Philippines Drug War Continues
It has been reported that twelve people, including a city mayor, were killed earlier today in a shoot-out with police officers during a series of pre-dawn anti-drug raids in the southern Philippines, police and local officials said.
Deutsche Presse-Agentur are saying that police officers also arrested the Deputy Mayor of Ozamiz City, about 780 kilometres south of Manila, during the raids, said Chief Superintendent Timoteo Pacleb, a regional police director.
Police simultaneously served search warrants against the properties of Reynaldo Parojinog Senior, Mayor of Ozamiz City, his daughter Deputy Mayor Nova Parojinog and three other family members on allegations they were trading in illegal drugs, Pacleb said.
Police personnel were met with volley of gunfire from their security, prompting the police to retaliate, he added.
Aside from Parojinog, his wife, a provincial board member who was also a relative and four security aides of the family were among those killed in the shoot-out, Pacleb said.
The identities of the other people killed in the incident are still being verified.
Police confiscated high-powered firearms and an undetermined amount of methamphetamine hydrochloride, locally known as shabu, from at least four houses of the Parojinog family, the city’s information office said.
Last week, Philippine President Rodrigo Duterte vowed that his aggressive campaign against illegal drugs will not ease despite mounting criticism over the rising death toll.
More than 3,000 suspects have been killed in anti-drug operations since Duterte became president on 30th June, 2016, according to police statistics. But human rights groups have warned that the actual death toll could be higher.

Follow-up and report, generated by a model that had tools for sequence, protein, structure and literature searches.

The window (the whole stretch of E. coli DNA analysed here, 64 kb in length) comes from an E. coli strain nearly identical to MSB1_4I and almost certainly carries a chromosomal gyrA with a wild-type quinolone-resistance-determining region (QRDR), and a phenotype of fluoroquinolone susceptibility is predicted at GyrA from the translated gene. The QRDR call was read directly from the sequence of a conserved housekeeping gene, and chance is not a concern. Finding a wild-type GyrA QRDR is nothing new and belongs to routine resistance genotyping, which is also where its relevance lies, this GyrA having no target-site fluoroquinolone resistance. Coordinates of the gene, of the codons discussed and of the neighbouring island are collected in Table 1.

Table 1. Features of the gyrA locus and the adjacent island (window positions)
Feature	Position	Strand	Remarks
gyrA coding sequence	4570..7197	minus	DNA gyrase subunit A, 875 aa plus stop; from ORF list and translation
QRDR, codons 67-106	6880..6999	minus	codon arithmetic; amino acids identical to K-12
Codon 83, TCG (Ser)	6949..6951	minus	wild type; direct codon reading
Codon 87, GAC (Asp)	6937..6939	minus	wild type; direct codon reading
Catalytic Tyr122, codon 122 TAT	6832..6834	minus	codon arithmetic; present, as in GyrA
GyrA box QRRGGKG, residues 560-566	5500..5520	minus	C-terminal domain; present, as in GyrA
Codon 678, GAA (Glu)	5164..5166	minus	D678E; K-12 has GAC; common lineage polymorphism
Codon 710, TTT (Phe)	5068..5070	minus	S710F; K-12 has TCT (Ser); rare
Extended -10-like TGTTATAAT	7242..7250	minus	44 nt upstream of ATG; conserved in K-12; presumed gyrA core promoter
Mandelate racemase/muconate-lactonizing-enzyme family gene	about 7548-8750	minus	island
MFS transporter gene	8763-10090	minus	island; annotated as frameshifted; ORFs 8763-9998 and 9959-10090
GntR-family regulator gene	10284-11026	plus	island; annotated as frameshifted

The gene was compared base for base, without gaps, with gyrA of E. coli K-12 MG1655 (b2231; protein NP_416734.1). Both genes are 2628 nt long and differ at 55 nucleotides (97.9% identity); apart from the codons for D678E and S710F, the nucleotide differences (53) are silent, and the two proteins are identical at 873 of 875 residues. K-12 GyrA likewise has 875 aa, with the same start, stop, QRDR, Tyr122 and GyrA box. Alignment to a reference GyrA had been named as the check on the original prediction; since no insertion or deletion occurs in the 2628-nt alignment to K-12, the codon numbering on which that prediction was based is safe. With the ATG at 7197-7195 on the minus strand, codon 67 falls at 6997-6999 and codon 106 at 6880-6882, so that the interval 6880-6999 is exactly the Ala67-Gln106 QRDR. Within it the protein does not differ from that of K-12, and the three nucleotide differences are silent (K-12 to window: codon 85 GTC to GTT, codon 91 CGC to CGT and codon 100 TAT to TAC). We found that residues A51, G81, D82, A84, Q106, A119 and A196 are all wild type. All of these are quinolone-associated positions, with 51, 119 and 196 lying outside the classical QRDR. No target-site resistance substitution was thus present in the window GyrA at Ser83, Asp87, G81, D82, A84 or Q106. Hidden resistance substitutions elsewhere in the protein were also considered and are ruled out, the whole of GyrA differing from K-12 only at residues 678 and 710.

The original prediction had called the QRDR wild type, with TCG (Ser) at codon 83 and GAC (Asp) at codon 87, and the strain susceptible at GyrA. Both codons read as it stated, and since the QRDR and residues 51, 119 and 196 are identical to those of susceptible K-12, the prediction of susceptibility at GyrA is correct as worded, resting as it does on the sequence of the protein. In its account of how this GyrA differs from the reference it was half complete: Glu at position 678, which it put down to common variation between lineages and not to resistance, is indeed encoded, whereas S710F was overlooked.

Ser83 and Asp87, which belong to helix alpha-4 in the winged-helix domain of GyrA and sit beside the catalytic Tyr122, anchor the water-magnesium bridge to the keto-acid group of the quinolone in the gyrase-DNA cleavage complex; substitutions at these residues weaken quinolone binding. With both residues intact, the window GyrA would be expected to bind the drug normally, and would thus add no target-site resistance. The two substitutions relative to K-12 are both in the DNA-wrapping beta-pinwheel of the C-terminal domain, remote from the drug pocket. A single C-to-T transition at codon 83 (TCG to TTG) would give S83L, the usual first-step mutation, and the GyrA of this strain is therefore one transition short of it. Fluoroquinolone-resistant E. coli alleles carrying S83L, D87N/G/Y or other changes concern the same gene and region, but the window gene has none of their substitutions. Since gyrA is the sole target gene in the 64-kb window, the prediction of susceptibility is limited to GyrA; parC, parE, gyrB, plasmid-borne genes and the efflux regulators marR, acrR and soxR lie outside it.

Philippines President Rodrigo Duterte warned those involved in drugs that they face “jail or hell” during an astonishing state of the nation speech in which he attacked critics and advocated capital punishment as “retribution” for crimes.
A year into his presidency, the controversial Philippines leader has been accused of spearheading an anti-drugs campaign which has violated human rights laws and claimed the lives of thousands of people.
“I believed then as I believe still that the progress and the development [is a problem] if criminals, illegal drugs, illegal users of drugs are allowed to roam on the streets freely,” he said.
He told delegates that the country’s economy can only flourish in times of peace, before warning that the government’s crackdown on narcotics will be “unrelenting.”
“The fight against illegal drugs will continue because that is the root cause of so much evil and so much suffering. [Drugs] weakens the social fabric and deters foreign investment from pouring in.
“Despite international and local pressures the fight will not stop until those who deal in it [drugs] understand that they have to stop because the alternatives are either jail or hell,” he said.